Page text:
What is nice about this is that you can see that the source array is not mangled, this is not the case with the array splice method that will mutate the array in place. Many built in array prototype methods are like that which is one talking point as to why a lot of developers still like to use lodash over some of this built in methods.
Negative index values can be given to Array.slice this results in the corresponding index value from the end of the length of an array. So then array slice can be used as a quick way of getting the last element of an array by taking advantage of this fact by passing negative 1 as the starting index.
So I guess it is slightly more concise then doing the same thing by subtracting one from the length of the array that I would usually use over doing that at least.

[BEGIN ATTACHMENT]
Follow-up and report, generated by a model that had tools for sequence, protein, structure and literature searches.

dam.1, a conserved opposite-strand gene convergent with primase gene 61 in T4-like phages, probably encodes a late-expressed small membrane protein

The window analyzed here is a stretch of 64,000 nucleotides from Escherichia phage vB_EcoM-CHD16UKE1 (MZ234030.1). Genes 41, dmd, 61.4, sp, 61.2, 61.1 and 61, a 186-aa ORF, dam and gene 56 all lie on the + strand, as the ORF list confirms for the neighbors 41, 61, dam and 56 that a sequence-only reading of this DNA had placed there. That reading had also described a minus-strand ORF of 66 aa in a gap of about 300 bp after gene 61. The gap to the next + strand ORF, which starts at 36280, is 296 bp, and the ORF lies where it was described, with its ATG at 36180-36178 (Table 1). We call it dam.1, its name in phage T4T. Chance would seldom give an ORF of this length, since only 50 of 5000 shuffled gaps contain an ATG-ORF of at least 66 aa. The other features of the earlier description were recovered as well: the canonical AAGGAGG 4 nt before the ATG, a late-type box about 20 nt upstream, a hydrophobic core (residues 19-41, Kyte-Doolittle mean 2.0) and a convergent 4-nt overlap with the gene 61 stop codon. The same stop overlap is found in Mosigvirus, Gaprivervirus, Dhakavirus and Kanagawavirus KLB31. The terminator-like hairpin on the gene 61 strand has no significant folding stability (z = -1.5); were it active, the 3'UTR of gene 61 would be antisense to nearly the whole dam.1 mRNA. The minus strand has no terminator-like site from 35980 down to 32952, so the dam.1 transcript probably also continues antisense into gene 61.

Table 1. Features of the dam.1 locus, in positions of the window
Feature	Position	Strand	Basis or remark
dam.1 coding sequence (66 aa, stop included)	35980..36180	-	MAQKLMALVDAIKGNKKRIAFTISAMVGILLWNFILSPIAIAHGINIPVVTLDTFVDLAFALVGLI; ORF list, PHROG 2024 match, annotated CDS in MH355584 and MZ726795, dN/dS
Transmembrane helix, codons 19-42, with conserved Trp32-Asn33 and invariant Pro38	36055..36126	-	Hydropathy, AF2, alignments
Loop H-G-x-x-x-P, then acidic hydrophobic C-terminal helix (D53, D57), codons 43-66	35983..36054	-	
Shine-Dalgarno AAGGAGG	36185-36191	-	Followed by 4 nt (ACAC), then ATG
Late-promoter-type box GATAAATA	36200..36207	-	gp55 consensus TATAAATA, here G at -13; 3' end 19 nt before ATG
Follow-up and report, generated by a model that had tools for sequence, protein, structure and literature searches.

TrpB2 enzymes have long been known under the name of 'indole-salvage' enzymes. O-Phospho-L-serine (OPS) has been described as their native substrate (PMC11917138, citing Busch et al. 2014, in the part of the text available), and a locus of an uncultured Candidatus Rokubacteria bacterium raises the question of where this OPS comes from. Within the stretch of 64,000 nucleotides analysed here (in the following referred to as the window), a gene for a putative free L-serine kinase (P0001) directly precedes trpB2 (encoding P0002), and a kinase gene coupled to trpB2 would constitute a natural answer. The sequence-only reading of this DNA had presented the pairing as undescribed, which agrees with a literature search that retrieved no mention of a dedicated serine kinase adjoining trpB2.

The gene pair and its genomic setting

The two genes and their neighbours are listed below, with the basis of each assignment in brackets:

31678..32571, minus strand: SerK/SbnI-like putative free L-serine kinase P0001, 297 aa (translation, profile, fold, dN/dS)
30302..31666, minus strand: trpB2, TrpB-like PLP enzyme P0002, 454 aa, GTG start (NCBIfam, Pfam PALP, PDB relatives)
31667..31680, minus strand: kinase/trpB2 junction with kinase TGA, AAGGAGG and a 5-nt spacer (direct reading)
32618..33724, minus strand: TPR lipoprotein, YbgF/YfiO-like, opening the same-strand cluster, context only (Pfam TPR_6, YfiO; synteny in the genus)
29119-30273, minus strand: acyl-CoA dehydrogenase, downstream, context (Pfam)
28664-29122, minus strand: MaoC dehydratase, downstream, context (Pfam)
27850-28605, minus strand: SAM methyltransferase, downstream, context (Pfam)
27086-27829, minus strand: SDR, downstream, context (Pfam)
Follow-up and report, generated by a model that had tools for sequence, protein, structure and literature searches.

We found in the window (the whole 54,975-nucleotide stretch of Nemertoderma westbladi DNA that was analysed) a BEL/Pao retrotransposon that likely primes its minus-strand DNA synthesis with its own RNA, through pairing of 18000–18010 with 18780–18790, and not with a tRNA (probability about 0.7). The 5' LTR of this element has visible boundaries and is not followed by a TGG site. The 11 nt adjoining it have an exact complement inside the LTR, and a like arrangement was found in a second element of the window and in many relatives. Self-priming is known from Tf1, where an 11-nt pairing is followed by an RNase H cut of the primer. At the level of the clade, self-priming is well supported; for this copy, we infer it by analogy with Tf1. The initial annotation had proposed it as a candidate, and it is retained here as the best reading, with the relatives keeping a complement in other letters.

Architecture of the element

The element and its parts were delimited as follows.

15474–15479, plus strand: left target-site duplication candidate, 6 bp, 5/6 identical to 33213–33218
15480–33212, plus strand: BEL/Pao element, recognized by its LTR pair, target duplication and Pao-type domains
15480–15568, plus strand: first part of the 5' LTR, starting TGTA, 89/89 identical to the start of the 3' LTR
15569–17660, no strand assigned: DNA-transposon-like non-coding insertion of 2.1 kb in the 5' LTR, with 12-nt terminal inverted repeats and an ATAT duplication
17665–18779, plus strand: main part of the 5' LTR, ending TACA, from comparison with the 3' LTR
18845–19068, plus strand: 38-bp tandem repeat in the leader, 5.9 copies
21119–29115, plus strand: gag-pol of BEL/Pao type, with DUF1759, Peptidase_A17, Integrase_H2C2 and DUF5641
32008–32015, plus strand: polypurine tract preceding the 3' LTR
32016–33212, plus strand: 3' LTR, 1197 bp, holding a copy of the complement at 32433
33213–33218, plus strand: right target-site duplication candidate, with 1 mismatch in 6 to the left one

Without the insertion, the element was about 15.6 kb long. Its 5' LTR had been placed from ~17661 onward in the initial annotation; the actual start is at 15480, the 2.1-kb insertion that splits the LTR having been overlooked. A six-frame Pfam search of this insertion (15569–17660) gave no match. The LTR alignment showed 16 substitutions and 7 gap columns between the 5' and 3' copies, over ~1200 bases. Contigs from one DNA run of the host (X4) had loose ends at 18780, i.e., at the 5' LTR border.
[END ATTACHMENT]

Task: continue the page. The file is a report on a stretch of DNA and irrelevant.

However there are yet event more ways of getting the last element in an array, but some of them will mutate the source array. Still if I just want to get the last element of an array, maybe it would be best to just use something like this and move on. This is not the kind of rabbit hole that I care to get stuck on, and I can always make these kinds of simple changes later on when maintaining a project of it comes to that.
So because Array.slice returns a new Array rather than mutating one, it can in some cases be used as a way to clone an array assuming it is an array of primitive values. What I mean by that is that the use of Array.slice as a way to copy and array by itself will result in a shallow clone of the source array. So if the source array contains one or more objects as elements then those elements in the resulting array will be the same references to the same objects in memory. For this reason it is necessary to look into options for deep cloning an object then.
So the array slice prototype method is a way to get a section of an array, without mutating the source array. This is not to be confused with the array spice method that can be use to do the same, only it will mutate the array in place.